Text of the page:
17. A couple of years ago I was tinkering with an old DVD drive, putting together a jog-wheel interface for a basic DJ mixer application. At this point I recall taking a break from the project to explore the insides of your typical DVD drive.

    I’d noticed that the outer shell of the drive appeared to have a circular cutout in it, held in place by nothing more than the drive label sticker plastered across the top. After cutting the label around the cutout with a pen knife, I pressed my thumb against the cutout and gave it a testing push. It gave a little, so I gave it a little more force and the cutout popped loose quite easily.

    So easily in fact, that my thumb slid right against the now open edge of apparently quite sharp, …damn this is gonna hurt… DVD drive case.

    After the second paper towel/electrical tape bandage didn’t show any signs that the bleeding was slowing down, I decided I better drive myself to the ER a couple blocks away. Ended up talking about tablets with the Dr while he gave me six stitches.

  18. Good Evening one and all. Can anyone give me some information on those boots Adam used in Alaska. Because I live in Iceland and my feet are getting a tad bit on the chilly side. Great show, love the podcast

  19. I’m a first aid instructor and have seen my fair share of injuries (broken arms, legs, chainsaw injuries). Adam mentioned in the podcast that to treat a bleed that you should elevate the injury. This is no longer recommended for bleeding (at least in Canada). The most important things to do is to apply direct pressure and rest. I appreciated the comments that everybody should take a first aid course, but you should also regularly be re-certified in first aid. First aid is based on science and changes every five years. Over the past 10 years there have been significant changes to first aid.

  20. Not really a shop injury but I was running wire in a wall without gloves, my hand slipped and I took a good chunk out of my thumb on the range hood I was installing. This is maybe a week after it happened.

  21. 24:06 – Will, are you referring to the term muscle memory?

    Thanks for the frequent instalments of “Still Untitled” guys!

  22. This is probably more related to the “10 dangerous things you should let your kids do”.

    I was about 3 years old when I learned that you always cut away from yourself with a knife. And I have a clearly visible scar at the base of my index finger to remind me. It’s not as visible in this photo but I learned my lesson.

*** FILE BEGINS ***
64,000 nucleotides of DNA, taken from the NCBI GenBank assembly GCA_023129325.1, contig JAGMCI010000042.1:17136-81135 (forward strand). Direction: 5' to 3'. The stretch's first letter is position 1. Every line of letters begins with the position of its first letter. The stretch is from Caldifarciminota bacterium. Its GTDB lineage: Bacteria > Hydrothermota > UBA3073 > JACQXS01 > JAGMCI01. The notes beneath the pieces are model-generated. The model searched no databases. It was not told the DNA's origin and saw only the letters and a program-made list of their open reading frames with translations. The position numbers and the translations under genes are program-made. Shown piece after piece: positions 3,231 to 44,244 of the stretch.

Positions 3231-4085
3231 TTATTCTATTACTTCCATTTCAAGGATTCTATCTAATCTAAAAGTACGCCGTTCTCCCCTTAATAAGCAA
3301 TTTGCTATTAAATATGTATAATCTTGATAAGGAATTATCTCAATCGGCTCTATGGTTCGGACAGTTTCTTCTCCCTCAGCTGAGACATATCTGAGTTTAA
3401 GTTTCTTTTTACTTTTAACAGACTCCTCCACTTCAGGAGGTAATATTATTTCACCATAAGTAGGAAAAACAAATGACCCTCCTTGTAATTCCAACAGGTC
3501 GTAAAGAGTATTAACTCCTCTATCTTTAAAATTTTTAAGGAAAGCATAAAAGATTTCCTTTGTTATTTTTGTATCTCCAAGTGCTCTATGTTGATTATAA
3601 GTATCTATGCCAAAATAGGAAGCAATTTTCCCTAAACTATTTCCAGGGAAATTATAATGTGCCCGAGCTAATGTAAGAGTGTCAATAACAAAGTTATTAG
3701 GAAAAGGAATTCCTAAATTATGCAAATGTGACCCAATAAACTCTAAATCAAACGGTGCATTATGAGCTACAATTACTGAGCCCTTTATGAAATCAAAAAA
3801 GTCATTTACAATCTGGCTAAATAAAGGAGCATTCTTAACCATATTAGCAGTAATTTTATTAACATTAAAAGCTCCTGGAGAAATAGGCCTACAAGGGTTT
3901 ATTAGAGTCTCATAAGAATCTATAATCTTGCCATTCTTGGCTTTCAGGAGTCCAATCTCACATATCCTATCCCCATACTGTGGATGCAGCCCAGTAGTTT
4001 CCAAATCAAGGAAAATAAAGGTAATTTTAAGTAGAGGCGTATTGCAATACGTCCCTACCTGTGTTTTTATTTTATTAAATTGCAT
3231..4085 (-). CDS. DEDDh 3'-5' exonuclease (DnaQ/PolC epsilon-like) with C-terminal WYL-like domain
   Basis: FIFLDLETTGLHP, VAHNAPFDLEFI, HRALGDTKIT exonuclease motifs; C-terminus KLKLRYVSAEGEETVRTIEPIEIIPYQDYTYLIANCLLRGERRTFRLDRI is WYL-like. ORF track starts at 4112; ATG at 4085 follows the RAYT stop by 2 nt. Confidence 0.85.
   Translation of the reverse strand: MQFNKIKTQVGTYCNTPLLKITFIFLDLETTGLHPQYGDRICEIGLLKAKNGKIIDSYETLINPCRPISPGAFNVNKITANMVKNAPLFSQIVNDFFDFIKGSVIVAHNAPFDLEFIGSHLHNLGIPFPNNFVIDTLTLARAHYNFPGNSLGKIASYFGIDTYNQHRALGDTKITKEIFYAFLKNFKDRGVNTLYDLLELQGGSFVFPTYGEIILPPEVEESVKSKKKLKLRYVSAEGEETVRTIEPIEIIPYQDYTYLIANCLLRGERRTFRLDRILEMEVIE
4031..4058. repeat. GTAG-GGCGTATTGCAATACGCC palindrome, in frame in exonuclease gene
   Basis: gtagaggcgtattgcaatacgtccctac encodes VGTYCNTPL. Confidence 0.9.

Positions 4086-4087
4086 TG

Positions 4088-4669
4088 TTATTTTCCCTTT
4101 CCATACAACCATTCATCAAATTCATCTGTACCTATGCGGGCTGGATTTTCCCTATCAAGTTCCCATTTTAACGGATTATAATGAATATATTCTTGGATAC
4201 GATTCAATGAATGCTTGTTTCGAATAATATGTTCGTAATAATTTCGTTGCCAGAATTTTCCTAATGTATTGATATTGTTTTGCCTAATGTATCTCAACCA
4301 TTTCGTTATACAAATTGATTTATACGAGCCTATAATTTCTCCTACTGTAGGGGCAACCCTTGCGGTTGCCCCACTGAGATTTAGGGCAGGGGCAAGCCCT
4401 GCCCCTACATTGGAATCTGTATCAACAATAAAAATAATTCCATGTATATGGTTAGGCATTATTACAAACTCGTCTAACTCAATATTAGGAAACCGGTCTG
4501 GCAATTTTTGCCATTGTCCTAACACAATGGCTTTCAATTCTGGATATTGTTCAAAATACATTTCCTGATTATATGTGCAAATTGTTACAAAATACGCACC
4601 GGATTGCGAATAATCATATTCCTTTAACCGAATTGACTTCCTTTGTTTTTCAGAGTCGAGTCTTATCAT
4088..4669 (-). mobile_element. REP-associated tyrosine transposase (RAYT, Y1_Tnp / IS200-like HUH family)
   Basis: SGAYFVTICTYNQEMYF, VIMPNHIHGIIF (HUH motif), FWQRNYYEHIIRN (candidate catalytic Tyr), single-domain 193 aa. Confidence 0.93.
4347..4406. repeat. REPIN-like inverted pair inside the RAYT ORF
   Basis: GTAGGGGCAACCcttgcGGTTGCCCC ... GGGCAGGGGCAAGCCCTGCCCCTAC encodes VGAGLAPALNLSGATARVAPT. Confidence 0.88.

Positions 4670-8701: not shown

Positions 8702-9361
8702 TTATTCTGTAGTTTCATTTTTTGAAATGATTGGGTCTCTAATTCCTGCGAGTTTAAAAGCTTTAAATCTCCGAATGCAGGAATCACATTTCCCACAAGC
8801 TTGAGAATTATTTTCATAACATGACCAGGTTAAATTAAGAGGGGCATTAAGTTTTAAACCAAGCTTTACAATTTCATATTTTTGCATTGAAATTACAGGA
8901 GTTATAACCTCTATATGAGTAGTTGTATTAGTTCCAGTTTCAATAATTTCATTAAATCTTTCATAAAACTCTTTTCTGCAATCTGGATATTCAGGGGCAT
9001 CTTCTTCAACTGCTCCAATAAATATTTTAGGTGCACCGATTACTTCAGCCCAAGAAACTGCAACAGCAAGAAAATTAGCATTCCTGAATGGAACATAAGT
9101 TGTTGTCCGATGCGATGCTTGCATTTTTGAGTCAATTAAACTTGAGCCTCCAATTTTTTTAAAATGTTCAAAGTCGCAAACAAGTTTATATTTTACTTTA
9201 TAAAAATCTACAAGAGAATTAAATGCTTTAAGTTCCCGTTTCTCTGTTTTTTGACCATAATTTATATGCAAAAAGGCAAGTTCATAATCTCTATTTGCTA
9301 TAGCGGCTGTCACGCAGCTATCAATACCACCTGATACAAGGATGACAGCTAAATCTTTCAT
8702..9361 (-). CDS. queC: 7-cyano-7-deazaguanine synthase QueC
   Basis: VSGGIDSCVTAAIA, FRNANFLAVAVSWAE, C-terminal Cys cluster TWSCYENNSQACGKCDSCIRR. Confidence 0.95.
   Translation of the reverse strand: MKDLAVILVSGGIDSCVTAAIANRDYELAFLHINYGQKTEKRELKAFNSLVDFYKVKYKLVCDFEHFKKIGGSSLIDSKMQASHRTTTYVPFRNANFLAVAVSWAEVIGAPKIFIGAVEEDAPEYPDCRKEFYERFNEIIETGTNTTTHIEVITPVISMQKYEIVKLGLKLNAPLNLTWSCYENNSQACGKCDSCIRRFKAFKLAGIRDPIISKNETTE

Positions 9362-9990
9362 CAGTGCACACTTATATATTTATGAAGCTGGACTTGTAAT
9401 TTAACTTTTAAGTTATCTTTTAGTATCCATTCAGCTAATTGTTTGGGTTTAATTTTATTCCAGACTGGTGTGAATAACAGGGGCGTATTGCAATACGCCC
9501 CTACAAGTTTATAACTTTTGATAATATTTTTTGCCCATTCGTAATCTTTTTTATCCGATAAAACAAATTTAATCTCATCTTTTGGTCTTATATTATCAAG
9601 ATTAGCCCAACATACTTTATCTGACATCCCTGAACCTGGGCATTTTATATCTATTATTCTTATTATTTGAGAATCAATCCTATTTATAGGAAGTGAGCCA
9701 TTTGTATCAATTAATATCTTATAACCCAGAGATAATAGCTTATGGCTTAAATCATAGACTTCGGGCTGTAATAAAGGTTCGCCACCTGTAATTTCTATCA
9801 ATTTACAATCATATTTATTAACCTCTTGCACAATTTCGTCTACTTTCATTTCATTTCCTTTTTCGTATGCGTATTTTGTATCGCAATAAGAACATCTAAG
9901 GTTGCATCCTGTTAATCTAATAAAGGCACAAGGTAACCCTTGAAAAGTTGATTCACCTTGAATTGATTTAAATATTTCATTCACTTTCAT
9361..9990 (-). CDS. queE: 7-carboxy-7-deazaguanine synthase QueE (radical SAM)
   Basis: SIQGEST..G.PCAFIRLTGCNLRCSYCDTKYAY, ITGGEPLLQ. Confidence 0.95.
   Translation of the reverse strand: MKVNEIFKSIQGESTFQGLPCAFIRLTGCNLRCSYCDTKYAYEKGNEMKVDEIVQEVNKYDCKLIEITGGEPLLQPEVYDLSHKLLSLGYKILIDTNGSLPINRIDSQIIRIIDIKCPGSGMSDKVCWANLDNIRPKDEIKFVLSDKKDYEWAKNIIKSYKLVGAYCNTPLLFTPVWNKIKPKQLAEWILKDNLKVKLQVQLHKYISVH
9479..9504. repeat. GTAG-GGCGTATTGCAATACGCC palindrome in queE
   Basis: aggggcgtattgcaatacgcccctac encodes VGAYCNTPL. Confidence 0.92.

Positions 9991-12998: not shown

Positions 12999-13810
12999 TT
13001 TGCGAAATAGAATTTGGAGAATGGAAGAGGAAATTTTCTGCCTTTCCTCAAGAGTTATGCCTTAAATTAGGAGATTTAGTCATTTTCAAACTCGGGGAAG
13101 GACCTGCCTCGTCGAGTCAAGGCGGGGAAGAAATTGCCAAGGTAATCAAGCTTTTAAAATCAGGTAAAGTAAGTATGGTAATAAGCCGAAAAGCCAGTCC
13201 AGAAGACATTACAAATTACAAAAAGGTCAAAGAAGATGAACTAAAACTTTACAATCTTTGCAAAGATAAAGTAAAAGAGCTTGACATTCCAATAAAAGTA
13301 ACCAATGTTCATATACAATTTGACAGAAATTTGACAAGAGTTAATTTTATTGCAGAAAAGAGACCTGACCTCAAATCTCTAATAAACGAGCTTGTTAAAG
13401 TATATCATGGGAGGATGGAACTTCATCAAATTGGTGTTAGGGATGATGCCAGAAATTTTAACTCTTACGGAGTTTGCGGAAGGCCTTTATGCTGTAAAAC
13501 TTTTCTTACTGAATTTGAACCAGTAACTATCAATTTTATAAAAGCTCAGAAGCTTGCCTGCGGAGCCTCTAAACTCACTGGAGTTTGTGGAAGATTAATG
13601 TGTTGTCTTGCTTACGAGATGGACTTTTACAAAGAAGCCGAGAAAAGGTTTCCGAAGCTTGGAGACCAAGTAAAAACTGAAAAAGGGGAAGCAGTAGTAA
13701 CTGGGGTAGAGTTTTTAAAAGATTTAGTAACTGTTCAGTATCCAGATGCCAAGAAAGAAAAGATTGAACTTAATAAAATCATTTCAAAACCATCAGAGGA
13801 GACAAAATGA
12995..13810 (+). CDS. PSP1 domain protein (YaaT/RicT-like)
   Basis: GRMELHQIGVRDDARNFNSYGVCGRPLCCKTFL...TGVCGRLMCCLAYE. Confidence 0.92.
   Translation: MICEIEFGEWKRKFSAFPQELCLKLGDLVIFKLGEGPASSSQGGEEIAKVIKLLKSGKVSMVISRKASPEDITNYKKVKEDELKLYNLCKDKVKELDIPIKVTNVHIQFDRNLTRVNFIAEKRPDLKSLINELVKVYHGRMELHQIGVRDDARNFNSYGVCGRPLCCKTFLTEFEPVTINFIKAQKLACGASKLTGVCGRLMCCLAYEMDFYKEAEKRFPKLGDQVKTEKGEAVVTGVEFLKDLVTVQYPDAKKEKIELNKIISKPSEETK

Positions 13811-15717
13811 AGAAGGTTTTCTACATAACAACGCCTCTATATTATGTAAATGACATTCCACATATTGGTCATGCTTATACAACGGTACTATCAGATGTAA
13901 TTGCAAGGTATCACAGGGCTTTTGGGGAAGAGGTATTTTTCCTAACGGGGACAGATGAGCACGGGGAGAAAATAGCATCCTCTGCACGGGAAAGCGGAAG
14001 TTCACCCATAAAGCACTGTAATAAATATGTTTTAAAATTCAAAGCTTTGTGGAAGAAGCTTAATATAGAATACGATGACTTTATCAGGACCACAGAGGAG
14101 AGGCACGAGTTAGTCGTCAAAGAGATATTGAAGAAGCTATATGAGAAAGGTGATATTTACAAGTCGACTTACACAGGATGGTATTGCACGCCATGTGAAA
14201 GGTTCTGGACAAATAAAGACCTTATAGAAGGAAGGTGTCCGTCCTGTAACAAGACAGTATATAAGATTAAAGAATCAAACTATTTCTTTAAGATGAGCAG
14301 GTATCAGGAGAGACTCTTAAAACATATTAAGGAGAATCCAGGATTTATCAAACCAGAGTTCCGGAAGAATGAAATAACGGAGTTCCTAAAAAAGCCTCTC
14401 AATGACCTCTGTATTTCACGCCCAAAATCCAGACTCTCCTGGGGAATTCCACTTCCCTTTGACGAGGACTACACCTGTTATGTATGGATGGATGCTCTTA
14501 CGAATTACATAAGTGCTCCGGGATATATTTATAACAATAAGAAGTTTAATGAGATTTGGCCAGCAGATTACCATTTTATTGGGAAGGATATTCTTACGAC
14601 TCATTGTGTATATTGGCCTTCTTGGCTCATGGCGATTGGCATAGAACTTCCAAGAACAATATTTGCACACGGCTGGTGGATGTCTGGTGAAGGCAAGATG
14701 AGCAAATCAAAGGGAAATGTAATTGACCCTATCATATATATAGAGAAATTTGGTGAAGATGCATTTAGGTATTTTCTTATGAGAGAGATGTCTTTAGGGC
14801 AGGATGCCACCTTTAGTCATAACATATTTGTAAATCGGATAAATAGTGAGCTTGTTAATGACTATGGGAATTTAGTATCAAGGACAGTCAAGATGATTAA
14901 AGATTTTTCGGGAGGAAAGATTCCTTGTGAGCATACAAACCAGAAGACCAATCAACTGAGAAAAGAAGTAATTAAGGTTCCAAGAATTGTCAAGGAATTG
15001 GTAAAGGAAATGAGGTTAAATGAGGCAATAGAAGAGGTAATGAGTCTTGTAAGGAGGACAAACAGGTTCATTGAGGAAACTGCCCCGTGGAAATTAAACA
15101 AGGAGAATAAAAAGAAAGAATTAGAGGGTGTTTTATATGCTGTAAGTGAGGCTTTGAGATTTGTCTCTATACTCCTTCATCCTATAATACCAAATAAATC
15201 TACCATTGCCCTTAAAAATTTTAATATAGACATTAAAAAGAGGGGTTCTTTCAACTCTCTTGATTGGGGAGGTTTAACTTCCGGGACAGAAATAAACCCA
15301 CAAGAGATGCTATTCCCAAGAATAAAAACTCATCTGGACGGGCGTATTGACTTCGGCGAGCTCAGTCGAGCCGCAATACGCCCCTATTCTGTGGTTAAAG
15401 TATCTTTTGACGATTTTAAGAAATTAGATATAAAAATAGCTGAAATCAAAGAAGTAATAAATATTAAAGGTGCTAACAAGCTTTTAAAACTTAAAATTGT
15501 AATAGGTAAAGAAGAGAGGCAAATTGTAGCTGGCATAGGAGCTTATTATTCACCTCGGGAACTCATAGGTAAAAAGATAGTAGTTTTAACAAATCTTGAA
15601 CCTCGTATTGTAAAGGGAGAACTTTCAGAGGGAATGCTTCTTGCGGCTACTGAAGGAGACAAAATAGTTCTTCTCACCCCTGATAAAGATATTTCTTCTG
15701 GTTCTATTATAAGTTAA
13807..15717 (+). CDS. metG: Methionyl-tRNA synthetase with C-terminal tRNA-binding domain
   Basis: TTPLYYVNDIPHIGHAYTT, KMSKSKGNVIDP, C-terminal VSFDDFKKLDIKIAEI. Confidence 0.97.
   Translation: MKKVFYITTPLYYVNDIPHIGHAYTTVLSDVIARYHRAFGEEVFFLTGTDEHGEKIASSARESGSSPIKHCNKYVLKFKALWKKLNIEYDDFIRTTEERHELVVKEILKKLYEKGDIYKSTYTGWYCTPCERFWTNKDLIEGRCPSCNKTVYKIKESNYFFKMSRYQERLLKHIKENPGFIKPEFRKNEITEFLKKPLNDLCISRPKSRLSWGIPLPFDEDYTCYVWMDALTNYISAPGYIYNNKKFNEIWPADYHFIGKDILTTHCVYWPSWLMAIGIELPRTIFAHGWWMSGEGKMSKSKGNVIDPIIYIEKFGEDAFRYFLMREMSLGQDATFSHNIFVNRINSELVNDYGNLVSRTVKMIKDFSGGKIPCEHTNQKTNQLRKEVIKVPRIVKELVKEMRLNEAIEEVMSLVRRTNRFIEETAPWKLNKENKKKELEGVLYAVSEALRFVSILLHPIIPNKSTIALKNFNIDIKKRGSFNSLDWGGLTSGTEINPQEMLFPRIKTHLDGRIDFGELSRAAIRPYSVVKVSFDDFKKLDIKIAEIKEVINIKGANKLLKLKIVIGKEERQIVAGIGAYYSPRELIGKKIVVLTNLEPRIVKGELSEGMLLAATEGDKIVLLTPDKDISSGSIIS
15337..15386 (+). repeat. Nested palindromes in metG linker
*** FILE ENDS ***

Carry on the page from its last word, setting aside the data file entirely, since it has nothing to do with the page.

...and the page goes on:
And when I was about 10 I learned about fire safety when I used charcoal lighter fluid to make a torch and it dripped fire on my hand.

    And my friend learned about gun safety when we were about 15 and he shot a BB Gun in my eyebrow thinking he had only loaded it with air. I still have a faint scar of that too. Good thing his aim was off because he was aiming for my eye…

  23. It’s called Sawstop and is a patented system I think. If you touch the blade, the saw fires an explosive charge into the blade, stopping it in a fraction of a second.

    Likely you’ll get away with a small nick in your skin, and a few hundred dollars out of your pocket for replacing the blade and cartridge.

    The stopping-mechanism is triggered by the electrical conductivity of your skin, so there is also a risk of false positives, but its worth it if it means you’ll keep your finger or life.

  24. I love how shop safety talk always leads to everyone sharing their scars and stories from poor shop safety experiences in the past. 😀

    I’ve never done any major damage to myself in the shop, aside from perhaps breathing in too much fixatif fumes. My best shop injury story involves watching my eighth grade shop class teacher nick a half cm off the end of his index finger whilst demonstrating table saw ‘safety’ to the class.

  25. I cut about 5mm deep into the web of skin between my thumb and forefinger once with a dull knife but it didn’t bleed. I was amazed, it was like I’d just cut into latex or something. After about a full minute I thought I’d better make it bleed just to help flush the wound out (and to prove to myself I wasn’t really an android), so I swung my arm around a couple of times, and then it bled like crazy.

  26. The comment about working with machines being mostly an exercise in preparing to use the machines reminds me of an assertion that I have started making about sewing: most of sewing is not running the sewing machine. Most of sewing is quality time with your clothes iron. That’s the only way to get nice finished results, and that’s not obvious when you first start sewing.

    Flatten the cloth. Cut the cloth. Sew a seam. Press the seam. Press open the seam if it’s supposed to be open. Sew a seam. Press the seam . . .

  27. I have an axe scar in my knee from splitting wet wood and a knife scar in my thumb from barking wet wood. The best thing I can say when working with wood outside, make sure it is dry.

  28. Looked this up real quick because of someone’s comment on the YouTube video for this podcast.

    It destroys the saw, but really does seem to save you fingers.

    [saw stop – time warp]


    Just to clarify, it is a wonderful FALLBACK system and does not, by any means, justify unsafe behavior around dangerous equipment.